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Curr Neurol Neurosci Rep. 2016 Apr;16(4):37. doi: 10.1007/s11910-016-0633-x.

A Review and Update on Tourette Syndrome: Where Is the Field Headed?

Gunduz A1,2, Okun MS3,4,5.

Author information

1
J. Crayton Pruitt Family Department of Biomedical Engineering, Gainesville, FL, USA.
2
UF Health Center for Movement Disorders and Neurorestoration, Gainesville, FL, USA.
3
UF Health Center for Movement Disorders and Neurorestoration, Gainesville, FL, USA. okun@neurology.ufl.edu.
4
Department of Neurology, University of Florida, 3450 Hull Road, 4th Floor, Gainesville, FL, 32607, USA. okun@neurology.ufl.edu.
5
Department of Neurosurgery, University of Florida, 3450 Hull Road, 4th Floor, Gainesville, FL, 32607, USA. okun@neurology.ufl.edu.

Abstract

Tourette syndrome (TS) is a childhood onset neurologic disorder with manifestations including multiple motor and phonic tics, and in most cases a variety of behavioral comorbidities such as attention deficit hyperactivity disorder, obsessive compulsive disorder, and other impulse control disorders. Although it is considered a hereditary disorder, likely modified by environmental factors, genetic studies have yet to uncover relevant causative genes and there is no animal model that mimics the broad clinical phenomenology of TS. There has been a marked increase in the number of neurophysiological, neuroimaging, and other studies on TS. The findings from these studies, however, have been difficult to interpret because of small sample sizes, variability of symptoms across patients, and comorbidities. Although anti-dopaminergic drugs are the most widely used medications in the treatment of TS, there has been increasing interest in other drugs, behavioral therapies, and surgical approaches including deep brain stimulation. Herein, we review the current literature and discuss the complexities of TS and the challenges in understanding its pathophysiology and in selecting the most appropriate treatment. We also offer an expert's view of where the field of TS may be headed.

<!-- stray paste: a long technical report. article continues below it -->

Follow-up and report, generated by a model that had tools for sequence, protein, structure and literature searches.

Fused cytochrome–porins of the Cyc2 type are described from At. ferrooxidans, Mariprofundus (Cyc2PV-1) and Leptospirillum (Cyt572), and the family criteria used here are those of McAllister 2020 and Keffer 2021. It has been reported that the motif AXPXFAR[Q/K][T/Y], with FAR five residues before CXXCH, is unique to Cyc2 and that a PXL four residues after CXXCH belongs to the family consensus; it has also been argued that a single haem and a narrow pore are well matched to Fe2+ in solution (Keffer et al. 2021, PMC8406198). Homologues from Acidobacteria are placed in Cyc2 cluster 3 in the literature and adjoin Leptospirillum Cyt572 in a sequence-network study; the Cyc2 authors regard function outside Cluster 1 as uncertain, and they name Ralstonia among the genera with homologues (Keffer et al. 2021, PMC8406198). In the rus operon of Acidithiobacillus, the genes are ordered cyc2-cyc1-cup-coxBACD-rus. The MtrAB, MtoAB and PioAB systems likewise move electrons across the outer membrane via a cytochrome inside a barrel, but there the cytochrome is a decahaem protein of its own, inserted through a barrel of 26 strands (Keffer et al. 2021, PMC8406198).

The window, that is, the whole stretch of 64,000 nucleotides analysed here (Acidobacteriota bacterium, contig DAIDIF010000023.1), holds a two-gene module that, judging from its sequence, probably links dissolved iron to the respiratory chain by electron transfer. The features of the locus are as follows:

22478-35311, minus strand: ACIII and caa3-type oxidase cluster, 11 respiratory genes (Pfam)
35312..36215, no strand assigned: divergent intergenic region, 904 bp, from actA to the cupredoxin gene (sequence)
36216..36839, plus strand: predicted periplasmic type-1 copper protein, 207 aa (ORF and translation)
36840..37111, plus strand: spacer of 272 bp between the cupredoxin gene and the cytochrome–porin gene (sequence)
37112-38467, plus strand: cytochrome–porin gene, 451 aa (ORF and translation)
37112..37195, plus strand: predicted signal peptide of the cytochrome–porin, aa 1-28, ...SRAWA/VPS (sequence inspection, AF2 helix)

KEYWORDS:

Movement disorders; Neurodevelopmental disorders; Tic disorders; Tourette syndrome

PMID:
26936259
DOI:
10.1007/s11910-016-0633-x
[Indexed for MEDLINE]

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